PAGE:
This post is inspired by a conversation I recently had with a friend of mine. He is a successful professional and is now in a management position in the Australian public service. I was, as often is the case, singing the praises of the social identity approach and its potential for application in the business world. At some stage in the conversation he said something along these lines…
I agree with what you are saying, and the science sounds great, but the vast majority organizations are simply not going to be interested. And that is not because they can’t see the value. It’s just that they are too busy struggling to get even the basics right.
Said otherwise, for him the social identity approach is a luxury that most organizations cannot afford; they have more fundamental problems to deal with. He continued with the following example…
Take some colleagues of mine. They were tasked with addressing the low performance in [Company X] and so they got some consultants in. The consultants discovered that the managers at [Company X] weren’t even measuring individual performance and there were no individual incentives.
To put it bluntly, my friend is wrong. But he is not alone in being wrong. His views reflect the dominant understanding in organizational behaviour: That there are “basics” to management, and that those basics can be understood via individualistic economics and psychosocial egoism.
Fortunately for us, my friend has provided a perfect opportunity to challenge the misconception that the social identity approach is merely an icing to be put on an already high functioning organizational cake.
As mentioned in our first post, this social psychological perspective describes how “we understand ourselves as a function of who we are similar to and who we are different from”. In other words, our sense of self comes from the social categories that we perceive ourselves to be members of (or not members of). For example, at any particular time I might define myself as a male, an Australian, a blogger, a consultant, a son, a skier, etc.. These are not social masks that I wear from situation to situation, but rather are contextually dependent social identities that are equally as “real” as my sense of being the unique individual ‘Andrew’. It is no understatement then to say that the social identity approach is in many ways an answer to the question ‘what is the self?’. If we think of ‘basic’ as core to the human condition, then it doesn’t get much more basic than that.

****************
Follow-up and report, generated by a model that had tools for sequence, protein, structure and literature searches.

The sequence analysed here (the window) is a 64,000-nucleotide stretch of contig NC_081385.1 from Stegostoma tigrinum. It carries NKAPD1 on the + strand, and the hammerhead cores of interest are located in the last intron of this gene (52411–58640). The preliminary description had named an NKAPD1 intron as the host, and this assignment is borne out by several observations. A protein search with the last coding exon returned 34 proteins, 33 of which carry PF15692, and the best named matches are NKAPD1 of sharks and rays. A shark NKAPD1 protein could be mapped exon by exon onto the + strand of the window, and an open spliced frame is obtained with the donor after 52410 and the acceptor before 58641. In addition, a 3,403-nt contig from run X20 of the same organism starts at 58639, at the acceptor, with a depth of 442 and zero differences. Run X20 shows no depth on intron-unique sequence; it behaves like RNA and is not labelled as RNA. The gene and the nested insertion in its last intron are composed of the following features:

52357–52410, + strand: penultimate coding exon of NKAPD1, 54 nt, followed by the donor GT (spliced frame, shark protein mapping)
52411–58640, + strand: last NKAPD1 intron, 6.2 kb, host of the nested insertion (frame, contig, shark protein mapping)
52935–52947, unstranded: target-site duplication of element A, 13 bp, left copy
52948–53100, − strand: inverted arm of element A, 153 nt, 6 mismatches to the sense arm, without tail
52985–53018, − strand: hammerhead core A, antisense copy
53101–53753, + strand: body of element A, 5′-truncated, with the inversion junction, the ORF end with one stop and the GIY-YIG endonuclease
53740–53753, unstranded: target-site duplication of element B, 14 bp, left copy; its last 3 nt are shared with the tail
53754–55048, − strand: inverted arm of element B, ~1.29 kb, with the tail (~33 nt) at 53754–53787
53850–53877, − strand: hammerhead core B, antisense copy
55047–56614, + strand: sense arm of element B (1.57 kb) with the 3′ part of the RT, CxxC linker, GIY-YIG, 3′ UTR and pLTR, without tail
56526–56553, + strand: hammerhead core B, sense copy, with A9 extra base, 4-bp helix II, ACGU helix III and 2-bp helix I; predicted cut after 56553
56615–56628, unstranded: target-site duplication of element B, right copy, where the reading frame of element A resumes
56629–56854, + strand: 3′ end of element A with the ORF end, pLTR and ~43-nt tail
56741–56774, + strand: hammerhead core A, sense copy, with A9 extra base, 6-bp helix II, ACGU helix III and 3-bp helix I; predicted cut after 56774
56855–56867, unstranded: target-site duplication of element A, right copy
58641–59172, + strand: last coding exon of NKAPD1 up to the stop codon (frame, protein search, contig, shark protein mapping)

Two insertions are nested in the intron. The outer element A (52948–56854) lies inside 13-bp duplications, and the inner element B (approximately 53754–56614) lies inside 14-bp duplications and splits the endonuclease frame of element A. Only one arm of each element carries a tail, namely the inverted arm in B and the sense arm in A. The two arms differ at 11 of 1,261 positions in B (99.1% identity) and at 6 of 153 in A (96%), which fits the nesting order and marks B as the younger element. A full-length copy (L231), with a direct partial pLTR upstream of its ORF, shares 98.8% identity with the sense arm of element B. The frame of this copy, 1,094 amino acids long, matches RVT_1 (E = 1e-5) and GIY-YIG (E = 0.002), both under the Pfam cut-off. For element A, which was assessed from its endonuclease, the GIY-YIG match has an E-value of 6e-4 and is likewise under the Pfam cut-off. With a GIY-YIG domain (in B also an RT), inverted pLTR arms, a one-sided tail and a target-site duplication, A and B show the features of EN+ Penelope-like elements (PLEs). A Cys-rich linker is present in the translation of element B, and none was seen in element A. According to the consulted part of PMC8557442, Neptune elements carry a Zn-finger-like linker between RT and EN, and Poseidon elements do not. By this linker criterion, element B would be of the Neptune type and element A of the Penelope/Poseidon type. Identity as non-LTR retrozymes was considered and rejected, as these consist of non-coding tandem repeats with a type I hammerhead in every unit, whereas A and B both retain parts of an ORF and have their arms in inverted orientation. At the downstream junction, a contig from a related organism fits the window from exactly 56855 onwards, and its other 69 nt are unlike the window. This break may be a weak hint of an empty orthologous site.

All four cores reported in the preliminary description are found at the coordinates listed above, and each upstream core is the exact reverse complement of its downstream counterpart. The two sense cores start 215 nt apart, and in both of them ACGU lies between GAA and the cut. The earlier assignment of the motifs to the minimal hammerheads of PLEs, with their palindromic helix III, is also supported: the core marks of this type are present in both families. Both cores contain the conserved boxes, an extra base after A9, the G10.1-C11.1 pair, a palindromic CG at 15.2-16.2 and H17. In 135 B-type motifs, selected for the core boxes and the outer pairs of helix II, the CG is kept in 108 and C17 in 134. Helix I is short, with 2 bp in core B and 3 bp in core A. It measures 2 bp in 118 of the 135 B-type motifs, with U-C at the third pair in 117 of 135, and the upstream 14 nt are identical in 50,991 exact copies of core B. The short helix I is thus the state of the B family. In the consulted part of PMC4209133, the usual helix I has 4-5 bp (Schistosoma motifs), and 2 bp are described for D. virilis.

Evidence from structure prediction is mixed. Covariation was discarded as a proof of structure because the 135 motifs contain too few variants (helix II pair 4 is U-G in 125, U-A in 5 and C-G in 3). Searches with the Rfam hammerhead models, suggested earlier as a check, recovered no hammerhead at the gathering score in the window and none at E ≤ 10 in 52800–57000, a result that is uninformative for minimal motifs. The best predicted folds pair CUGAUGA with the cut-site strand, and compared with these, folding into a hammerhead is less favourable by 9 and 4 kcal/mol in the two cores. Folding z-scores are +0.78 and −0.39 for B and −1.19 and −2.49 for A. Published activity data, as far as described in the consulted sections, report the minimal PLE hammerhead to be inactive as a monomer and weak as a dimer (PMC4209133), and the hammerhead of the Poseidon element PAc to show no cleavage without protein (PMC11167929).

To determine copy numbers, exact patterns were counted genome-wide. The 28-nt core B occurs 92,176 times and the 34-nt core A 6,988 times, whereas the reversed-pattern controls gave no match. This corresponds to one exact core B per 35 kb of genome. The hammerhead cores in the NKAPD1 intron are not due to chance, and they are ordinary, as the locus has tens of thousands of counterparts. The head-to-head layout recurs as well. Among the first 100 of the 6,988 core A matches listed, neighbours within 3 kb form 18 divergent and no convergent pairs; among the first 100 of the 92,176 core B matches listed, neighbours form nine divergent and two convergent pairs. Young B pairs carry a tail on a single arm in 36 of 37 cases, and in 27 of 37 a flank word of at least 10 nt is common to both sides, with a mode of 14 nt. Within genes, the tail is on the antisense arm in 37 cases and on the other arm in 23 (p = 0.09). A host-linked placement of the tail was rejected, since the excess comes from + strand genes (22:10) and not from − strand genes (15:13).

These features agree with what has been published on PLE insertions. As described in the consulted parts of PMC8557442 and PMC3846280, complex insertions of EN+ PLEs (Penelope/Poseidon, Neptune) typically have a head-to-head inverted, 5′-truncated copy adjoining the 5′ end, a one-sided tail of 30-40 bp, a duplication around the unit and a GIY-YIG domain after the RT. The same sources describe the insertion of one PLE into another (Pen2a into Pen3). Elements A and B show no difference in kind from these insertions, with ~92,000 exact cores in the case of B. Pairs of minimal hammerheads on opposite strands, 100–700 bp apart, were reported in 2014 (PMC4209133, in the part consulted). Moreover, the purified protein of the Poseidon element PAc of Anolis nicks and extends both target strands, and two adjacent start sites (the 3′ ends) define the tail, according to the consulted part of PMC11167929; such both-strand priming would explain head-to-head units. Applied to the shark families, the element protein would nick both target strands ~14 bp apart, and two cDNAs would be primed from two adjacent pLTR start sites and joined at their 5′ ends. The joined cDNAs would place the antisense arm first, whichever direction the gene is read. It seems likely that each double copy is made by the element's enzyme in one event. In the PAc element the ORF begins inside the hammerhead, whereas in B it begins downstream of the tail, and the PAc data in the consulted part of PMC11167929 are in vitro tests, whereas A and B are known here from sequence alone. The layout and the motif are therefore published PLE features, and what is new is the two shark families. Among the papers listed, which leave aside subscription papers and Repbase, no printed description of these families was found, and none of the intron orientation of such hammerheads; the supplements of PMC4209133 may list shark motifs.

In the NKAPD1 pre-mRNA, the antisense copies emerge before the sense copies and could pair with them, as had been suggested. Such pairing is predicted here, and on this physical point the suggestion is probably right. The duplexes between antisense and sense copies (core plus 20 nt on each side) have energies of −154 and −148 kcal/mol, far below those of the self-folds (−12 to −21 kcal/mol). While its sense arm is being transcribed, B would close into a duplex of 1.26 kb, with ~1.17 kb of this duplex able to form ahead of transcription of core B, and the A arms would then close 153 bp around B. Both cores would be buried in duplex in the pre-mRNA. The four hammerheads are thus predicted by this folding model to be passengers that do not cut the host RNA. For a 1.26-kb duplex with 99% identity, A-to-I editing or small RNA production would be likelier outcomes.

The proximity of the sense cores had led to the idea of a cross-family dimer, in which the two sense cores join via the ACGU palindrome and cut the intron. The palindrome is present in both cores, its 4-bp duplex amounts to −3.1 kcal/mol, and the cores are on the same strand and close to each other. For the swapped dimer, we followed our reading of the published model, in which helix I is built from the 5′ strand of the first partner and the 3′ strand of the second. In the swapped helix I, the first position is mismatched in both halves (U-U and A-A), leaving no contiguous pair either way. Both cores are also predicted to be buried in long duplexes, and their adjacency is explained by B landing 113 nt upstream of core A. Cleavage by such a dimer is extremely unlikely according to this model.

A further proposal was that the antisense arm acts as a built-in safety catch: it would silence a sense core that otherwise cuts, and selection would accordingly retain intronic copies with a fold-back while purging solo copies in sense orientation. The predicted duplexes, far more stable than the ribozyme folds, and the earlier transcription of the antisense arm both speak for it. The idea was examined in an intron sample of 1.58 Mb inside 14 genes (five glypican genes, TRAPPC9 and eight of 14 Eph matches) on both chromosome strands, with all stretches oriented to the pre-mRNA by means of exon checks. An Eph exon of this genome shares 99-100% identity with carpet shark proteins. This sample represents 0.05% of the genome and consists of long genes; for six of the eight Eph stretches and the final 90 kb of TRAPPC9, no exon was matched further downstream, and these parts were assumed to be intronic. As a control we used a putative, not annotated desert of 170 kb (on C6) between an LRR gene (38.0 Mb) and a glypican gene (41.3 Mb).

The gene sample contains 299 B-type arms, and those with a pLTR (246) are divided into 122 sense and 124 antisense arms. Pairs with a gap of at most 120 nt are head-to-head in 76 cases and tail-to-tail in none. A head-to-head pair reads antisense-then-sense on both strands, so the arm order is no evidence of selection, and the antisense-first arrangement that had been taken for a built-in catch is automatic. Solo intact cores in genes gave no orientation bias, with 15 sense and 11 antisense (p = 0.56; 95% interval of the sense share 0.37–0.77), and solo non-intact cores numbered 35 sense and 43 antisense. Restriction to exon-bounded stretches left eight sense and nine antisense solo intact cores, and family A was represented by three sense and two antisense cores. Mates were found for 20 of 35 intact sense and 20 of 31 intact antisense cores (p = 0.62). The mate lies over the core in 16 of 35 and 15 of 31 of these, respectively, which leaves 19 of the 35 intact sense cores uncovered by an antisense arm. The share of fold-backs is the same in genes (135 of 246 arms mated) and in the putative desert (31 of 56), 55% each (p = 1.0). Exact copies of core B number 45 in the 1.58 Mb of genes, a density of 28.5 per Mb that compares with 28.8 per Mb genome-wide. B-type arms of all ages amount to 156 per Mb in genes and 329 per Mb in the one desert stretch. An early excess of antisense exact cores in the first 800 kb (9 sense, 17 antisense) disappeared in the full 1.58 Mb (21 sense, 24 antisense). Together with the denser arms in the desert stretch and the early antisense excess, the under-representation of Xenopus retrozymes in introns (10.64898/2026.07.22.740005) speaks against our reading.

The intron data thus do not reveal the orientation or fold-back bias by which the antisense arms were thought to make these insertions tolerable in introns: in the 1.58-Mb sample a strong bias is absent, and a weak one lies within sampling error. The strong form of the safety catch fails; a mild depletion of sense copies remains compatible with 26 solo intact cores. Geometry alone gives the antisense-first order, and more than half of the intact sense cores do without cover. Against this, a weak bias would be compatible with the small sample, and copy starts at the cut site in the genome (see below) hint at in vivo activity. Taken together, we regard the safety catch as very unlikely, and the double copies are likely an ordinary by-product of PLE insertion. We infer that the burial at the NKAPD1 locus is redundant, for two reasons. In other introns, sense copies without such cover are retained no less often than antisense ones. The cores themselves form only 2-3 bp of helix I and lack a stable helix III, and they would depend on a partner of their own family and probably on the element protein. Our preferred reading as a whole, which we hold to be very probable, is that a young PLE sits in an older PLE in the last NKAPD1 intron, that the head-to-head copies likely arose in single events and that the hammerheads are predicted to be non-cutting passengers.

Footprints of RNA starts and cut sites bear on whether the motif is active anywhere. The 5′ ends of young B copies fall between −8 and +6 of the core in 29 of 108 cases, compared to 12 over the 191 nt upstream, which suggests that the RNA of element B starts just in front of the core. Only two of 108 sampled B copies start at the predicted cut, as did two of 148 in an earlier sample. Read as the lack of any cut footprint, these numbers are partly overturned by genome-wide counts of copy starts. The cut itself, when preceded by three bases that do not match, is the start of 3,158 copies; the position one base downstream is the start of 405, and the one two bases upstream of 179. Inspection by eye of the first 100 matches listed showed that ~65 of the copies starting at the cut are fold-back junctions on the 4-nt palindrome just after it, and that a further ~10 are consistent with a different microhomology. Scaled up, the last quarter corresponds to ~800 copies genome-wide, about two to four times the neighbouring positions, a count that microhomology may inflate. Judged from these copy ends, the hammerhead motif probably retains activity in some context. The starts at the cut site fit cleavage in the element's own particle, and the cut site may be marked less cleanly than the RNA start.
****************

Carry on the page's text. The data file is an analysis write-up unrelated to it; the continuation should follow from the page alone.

Unsurprisingly, the implications for organizations are far reaching. How organizational members define themselves determines in large part who they listen to, what they value, how they behave, and most critically to our present purposes what they are motivated by. At times people will be motivated by individual self-interest and personal goals. At other times, when a more inclusive social identity is at play, they will be motivated by whatever is normative for that self-defining social category. In an organizational context we can expect that they will be motivated by team success and shared achievement.